ANTIDIABETIC PROPERTY OF METHANOL EXTRACT OF B. ALBA ... Species of the plant called Basella rubra has

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  • International Journal of Pharmaceutical Research and Innovation, Vol. 9, 2016, 9-16

    9

    ANTIDIABETIC PROPERTY OF METHANOL EXTRACT OF B. ALBA (FRUITS ALONG WITH SHOOTS) AND ITS RELATIONSHIP WITH THE ANTIOXIDANT

    PROPERTY

    A.K.Azad1, Kushal Biswas2, Ohidul Islam1, Md. Saifuddin3, Manirul Islam1, M. Khairuzzaman1, Nandita Das1, Nazneen Ahmeda Sultana1, Sophia Hossain1, Sanjida

    Haque1, Nilima Karmoker1, Anwarul Islam1*

    1 Dept. of Pharmacy, Bangladesh University, Bangladesh, Dhaka-1207 2 Dept. of Pharmacy, East West University, Bangladesh, Dhaka-1212

    3 Dept.of Mathematics & Statistics, Bangladesh University of Business and Technology, Bangladesh, Dhaka-

    1207

    ABSTRACT

    Diabetes is one of the most life threatening diseases of the present world. Among many causes excessive oxidative reactions are notable of them. The present study was designed to evaluate the comparative studies on antidiabetic and antioxidant properties of B. alba. Antidiabetic study was carried out on experimental animal model (Swiss albino mice) for 120 minutes treatment and significant blood sugar decline was observed (16.94 to 7.94mM/L) at the dose of 250mg B. alba extract and (20.0 to 7.30 mM/L) at 500mg dose compared to control group whereas metformin was taken as a reference standard. Antioxidant property was done through free radical scavenging method. Methanol extract of B. alba showed IC50 496.32 (µg/ml). Where, Ascorbic acid was used as a standard with IC50 of 4.78 (µg/ml).

    Key words: Antidiabetic, Alloxan, Metformin, antioxidant, DPPH, free radical, B. alba

    INTRODUCTION Diabetes, a metabolic disorder of multiple etiology characterized by chronic hyperglycaemia with disturbances of carbohydrate, fat and protein metabolism resulting from defects in insulin secretion, insulin action, or both. The effects of diabetes mellitus include long–term damage, dysfunction and failure of various organs. According to WHO in 2014, 9% of adults 18 years and older had diabetes.1.5 million deaths worldwide occurs in 2012 due to diabetes and more than 80% of diabetes deaths occur in low-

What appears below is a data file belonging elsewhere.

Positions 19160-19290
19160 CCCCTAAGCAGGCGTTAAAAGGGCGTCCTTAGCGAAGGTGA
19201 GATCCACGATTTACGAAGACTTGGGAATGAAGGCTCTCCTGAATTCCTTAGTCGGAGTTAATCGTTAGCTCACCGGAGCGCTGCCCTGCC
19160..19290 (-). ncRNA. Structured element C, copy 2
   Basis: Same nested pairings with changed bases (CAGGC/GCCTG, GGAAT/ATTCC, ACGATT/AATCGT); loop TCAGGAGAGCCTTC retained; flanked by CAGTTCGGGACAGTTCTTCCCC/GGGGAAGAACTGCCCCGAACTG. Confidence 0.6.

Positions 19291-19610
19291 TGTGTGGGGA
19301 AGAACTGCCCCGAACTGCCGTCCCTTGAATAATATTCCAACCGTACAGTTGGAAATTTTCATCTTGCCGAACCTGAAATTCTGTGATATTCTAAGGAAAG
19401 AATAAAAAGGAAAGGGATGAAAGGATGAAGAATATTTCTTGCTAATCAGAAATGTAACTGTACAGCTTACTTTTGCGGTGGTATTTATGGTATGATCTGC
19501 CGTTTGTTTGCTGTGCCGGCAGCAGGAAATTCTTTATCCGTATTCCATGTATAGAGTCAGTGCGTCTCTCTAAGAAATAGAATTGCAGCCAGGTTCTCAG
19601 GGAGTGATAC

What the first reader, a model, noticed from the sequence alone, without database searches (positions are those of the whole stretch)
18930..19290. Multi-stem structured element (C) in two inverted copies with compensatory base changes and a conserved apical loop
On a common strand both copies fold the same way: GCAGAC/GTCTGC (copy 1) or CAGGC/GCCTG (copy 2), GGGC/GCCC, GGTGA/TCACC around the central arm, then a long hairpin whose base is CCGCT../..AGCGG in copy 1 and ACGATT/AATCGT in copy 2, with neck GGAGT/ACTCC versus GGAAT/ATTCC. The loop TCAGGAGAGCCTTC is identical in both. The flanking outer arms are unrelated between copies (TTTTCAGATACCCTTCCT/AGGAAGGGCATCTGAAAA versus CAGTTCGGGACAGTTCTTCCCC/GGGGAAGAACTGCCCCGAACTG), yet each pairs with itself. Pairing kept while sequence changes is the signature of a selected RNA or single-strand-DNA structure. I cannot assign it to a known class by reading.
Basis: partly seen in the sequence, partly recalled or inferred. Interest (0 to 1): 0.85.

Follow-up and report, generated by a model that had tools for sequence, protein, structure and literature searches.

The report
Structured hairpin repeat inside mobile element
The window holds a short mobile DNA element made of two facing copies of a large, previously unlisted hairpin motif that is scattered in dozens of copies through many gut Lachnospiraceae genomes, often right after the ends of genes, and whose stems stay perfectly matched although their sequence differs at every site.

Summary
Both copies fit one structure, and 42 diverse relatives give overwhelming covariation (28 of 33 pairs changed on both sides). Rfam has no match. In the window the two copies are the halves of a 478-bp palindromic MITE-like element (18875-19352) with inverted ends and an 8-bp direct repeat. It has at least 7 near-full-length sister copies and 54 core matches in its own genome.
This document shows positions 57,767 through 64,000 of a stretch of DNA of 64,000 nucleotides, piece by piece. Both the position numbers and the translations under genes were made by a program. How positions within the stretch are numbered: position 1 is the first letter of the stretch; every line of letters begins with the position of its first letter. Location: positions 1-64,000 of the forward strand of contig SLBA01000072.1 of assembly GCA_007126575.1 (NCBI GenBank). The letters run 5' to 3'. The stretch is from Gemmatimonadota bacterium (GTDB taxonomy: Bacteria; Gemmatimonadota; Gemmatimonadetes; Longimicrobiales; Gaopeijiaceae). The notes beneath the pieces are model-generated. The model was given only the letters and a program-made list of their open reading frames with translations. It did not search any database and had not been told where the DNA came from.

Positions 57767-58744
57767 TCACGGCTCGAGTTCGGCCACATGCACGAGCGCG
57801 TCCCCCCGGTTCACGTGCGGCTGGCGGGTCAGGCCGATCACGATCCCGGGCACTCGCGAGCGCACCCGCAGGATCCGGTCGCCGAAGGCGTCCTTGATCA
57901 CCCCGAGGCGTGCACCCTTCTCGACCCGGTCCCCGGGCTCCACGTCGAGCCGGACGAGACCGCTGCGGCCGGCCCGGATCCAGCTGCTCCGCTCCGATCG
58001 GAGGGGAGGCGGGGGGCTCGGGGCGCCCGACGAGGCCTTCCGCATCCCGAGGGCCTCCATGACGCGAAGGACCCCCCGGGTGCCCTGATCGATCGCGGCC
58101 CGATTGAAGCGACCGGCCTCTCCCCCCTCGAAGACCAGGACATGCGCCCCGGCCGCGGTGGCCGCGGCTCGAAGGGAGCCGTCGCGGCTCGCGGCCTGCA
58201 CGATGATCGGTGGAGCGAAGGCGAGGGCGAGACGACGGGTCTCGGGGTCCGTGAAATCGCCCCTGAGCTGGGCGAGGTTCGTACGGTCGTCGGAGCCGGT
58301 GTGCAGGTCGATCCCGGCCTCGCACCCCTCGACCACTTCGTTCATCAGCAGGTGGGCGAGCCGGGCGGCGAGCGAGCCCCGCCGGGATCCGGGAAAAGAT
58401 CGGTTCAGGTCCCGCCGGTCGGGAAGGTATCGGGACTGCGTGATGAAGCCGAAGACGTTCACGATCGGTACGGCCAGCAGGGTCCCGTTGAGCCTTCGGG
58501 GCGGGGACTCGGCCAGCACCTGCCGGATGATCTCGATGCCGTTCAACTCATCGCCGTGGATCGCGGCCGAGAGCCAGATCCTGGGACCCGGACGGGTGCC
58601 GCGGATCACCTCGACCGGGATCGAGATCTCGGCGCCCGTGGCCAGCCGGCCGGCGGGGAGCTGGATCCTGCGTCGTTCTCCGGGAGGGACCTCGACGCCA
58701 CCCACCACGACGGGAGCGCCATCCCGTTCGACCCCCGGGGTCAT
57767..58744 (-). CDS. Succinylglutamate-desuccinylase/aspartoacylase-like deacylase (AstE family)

and middle-income countries.[1-3]

    In particular, type 2 diabetes mellitus (T2DM) is the most encountered form of diabetes, accounting for more than 80% of the total cases of diabetes [4-6]. Glucose metabolism disturbances are major factors leading to diabetes. The insulin released by the pancreatic β-cells is the hormone responsible for glucose homeostasis [7,8]. Insulin stimulates hepatocytes, myocytes, and adipocytes to uptake glucose from the circulatory system. Depending on need, glucose can either be used as an energetic source by glycolysis, or alternatively, stored as glycogen inside muscle or liver cells. The inappropriate utilization of insulin leads to insulin resistance, which is characterized by the inability of cells to respond to normal levels of circulating insulin [4,5], thus leading to the occurrence of the disease.

    Corresponding author:

    http://dx.doi.org/10.20530/IJPRI_9_9-16 ISSN 2046-5114 © 2016

    http://dx.doi.org/10.20530/EJB_4_13-16

    ISSN 2056-9912 © 2016

    http://dx.doi.org/10.20530/IJPRI_9_9-16 http://dx.doi.org/10.20530/EJB_4_13-16

  • International Journal of Pharmaceutical Research and Innovation, Vol. 9, 2016, 9-16

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    Beside this it is the major cause of adult blindness, kidney failure, neuropathy, heart attack and stroke. It also characterize by excessive disturbance of carbohydrate, protein and lipid metabolism, thickening of capillary basement membrane throughout the body leading to microanginopathy, macroangiopathy and long term complications which effects eye, kidneys, nervous system and circulatory system.[9]

    Medicinal plants are always been a tremendous source of drugs. Medicinal plants contain numerous biologically active compounds such as carbohydrates, proteins, enzymes, fats and oils, minerals, vitamins, alkaloids, quinones, terpenoids, flavonoids, carotenoids, sterols, simple phenolic glycosides, tannins, saponins, polyphenols etc. Traditional medicine refers to health practices, knowledge and beliefs incorporating plants, animals and mineral based medicines, spiritual therapies, manual techniques and exercises, applied singularly or in combination to treat, diagnose and prevent illnesses or maintain well-being. Over the years, medicinal plants have been found useful in the treatment and management of various health problems. Traditional medicine is undoubtedly a reliable alternative approach to health care delivery in the metropolis because it is cheap, easily accessible and efficacious. [10-12]